If I think retrospectively, I now believe that we should have named the current release 2.0, given the amount the new functionality we introduced with it.

InfoQ: How do you think this release compares with previous releases of JBoss Messaging in terms of reliability and performance?

Ovidiu: One of the major improvements of this release is that it allows for horizontal scalability: one can seamlessly add more node to the cluster, spreading processing of messages over more physical nodes. In what the performance of a single node is concerned, the original 1.0 code base underwent several waves of refactoring. We fundamentally changed the core channel mechanism, which contains the main message delivery path. While 1.2.0 is very performant to start with, there is room for a great amount of optimizations. This is what 1.2.1, 1.2.2, 2.0, 3.0 ... are for.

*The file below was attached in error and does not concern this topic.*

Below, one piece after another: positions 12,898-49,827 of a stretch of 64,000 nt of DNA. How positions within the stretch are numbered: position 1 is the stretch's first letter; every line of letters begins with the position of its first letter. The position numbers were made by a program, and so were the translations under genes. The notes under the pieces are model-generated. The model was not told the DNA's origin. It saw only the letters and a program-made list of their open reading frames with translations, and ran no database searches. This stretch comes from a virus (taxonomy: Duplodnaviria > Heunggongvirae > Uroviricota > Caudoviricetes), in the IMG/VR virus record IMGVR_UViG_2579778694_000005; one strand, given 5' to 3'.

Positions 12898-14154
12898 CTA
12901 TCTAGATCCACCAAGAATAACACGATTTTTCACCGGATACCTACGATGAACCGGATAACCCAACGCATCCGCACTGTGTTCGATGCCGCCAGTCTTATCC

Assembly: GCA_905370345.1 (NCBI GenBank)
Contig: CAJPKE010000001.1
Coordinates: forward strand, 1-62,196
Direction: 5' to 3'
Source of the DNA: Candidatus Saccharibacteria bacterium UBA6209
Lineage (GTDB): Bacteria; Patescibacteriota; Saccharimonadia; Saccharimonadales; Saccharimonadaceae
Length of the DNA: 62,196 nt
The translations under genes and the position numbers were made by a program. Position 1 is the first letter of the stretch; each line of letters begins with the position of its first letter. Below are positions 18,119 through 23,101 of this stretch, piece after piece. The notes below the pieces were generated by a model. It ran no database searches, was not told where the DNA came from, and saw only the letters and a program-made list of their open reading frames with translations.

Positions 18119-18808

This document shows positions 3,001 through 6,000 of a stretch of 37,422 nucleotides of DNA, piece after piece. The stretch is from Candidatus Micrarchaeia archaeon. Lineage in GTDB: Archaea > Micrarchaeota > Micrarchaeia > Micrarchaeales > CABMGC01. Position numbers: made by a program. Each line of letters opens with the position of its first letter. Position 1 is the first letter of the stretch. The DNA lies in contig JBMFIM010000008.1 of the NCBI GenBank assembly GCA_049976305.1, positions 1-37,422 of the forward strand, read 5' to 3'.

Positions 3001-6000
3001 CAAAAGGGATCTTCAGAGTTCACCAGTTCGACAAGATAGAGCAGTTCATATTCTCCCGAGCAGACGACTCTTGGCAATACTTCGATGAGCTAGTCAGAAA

We're very proud of our performance framework, and the concept of "performance tests" we plan to employ to track evolution of performance metrics across releases. The same way a functional test that goes off tells you that there's a problem with the implementation backing up the API, a performance test would trigger the alarm bells if we somehow break the implementation and make it less performant than in the previous release. You can take a look at the concepts behind our performance framework and get an idea how to use it, HERE.

In what reliability is concerned, the "clustered" release is radically different from 1.0.x series. For an 1.0.x broker, a failure would mean that an administrator would need to restart the server instance and the client code detect the failure, look up a new connection factory, re-create the connection, and so on. Not so in 1.2. The failure is handled transparently, the client code doesn't even notices (unless it registers a special listener) that the connection failed and it was transferred to a different back-up node.

InfoQ: Most people who think about JMS and JBoss (or should that be Red Hat?) think about JBossMQ. Although popular, it had some publicized deficiencies that pushed people to other offerings. Did this lead to the development of JBoss Messaging?